The book ‘Eating the Other’ by Hook brings out neo-colonialism. The instruments of neo-colonialism were the bodies of women viewed as exotic and different by the white traditional culture. This is why the white male supremacists wanted the bodies. The book critically interrogates old narratives suggesting alternative ways to look at blackness, black subjectivity, and, of necessity, whiteness. It also explores literature, music, but many of the essays focus on film. The emphasis on film is so central because it, more than any other media experience, determines how blackness and black people are seen and how other groups will respond to black people based on their relation to these constructed and consumed images. According to filmmaker Pratibha Parmar, "Pictures play a critical part in outlining and monitoring the political and social authority to which both people and sidelined groups have access. The profoundly philosophical nature of pictures influences not only how other individuals think about black people but how they think about themselves.” (Bell 6).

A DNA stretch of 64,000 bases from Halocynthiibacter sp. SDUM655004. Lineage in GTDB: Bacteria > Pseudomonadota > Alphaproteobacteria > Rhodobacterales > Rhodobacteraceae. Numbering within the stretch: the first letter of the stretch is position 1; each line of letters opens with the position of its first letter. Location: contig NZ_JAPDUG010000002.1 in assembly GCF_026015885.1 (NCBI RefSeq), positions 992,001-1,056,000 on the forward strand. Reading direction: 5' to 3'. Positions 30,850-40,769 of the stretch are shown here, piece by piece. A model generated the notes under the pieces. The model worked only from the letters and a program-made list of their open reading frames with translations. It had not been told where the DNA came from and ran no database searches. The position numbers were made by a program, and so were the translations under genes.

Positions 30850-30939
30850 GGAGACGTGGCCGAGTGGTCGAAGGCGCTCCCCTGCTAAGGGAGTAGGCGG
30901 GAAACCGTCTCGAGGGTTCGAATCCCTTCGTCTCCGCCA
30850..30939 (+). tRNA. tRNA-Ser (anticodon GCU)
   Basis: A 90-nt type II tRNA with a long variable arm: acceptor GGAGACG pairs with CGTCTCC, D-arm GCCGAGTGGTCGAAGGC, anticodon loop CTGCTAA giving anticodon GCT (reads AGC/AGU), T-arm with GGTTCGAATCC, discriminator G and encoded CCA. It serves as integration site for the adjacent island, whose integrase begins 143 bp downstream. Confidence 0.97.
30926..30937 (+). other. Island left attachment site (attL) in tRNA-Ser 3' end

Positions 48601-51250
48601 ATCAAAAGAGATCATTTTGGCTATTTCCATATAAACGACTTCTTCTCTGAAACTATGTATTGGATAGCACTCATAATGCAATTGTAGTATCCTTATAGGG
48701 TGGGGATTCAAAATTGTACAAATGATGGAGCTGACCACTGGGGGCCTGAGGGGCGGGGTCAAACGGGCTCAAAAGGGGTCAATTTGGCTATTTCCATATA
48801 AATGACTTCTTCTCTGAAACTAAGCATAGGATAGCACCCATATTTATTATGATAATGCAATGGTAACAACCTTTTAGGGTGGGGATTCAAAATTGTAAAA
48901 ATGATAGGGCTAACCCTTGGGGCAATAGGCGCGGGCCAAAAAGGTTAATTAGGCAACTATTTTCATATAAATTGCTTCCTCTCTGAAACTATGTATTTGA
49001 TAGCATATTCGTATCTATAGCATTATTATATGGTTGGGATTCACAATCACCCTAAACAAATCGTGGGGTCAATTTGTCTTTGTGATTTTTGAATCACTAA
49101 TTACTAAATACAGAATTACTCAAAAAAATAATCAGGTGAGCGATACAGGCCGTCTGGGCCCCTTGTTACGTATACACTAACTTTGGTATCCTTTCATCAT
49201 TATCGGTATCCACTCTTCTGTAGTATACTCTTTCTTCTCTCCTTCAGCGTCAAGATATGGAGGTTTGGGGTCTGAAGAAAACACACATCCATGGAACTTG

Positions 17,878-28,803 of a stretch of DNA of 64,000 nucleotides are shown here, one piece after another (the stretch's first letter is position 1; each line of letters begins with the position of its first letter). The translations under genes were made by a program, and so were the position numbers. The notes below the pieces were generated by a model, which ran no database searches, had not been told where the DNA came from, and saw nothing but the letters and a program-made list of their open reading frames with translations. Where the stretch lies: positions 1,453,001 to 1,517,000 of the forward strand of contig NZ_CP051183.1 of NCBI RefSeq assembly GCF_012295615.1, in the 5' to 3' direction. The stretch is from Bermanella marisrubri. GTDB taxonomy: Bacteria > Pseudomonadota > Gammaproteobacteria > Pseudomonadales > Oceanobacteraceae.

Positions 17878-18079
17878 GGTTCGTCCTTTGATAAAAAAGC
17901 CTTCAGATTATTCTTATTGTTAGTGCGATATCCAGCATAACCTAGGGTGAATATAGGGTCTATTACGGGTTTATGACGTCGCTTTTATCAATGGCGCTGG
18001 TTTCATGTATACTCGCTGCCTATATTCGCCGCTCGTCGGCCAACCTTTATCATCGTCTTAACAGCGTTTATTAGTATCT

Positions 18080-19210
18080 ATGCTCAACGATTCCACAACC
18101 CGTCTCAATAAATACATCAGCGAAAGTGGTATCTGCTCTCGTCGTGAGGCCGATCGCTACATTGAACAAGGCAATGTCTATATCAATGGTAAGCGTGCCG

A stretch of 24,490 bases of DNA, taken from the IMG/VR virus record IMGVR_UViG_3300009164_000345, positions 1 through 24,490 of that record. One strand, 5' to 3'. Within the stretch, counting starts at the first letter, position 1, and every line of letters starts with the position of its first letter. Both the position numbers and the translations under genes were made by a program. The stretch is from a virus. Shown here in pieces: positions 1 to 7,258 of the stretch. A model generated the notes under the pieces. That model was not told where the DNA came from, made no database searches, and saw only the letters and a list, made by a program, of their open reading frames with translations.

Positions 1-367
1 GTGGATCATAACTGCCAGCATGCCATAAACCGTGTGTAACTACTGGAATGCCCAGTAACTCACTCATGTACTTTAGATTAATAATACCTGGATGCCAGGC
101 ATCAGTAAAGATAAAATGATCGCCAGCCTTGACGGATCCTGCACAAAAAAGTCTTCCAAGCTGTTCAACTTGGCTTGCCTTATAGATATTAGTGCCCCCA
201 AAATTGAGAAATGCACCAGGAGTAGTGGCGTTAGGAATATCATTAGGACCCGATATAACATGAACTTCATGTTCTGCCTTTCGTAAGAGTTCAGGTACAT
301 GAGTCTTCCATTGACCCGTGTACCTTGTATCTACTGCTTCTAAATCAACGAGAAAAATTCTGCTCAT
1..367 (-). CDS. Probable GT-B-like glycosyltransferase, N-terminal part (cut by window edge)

Cultural appropriation is a central theme in the book. Cultural appropriation comprises adoption of the culture of one ethnic community by another. Cultural appropriation takes many forms such as dressing, art, music, personal adoration, speech and social behavior. It leads to acculturation of the minor community by the dominant race. According to Brunk and Young, “cultural appropriation is harmful when it seeks to attack or undermine the viability of an ethnic community or its members.” (Young 5). Cultural appropriation may cause profound offense which strikes at a person’s core values and sense of self. Cultural appreciation is understood within a context where desire for contact with those who are different or deemed Other is not considered bad, politically incorrect, or wrong-minded. Cultural appreciation acknowledges that the desire for pleasure, including erotic longing, informs our politics, our understanding of difference; we may know better how desire disrupts, subverts, and makes resistance possible. The author frequently gives anecdotes of how black people feel inferior as a virtue of being black. This is illustrated in many forms such as music, lifestyle, film, speech etc. According to the writer, to love blackness in a white supremacist culture is a serious breach of the fabric of the social order that is at times punishable by death. After reading Nella Larson’s novel “Passing”, it is seen that the predominantly black class is more interested in talking about black self-hatred to hear one another confess in eloquent narratives about the myriad ways they had tried to attain whiteness, if only symbolically. They gave graphic details about the ways they attempted to appear "white" by talking a certain way, wearing certain clothing, and even choosing specific groups of while friends. This is a clear demonstration of the extent to which cultural appropriation has entrenched its ugly roots in the Afro-American society.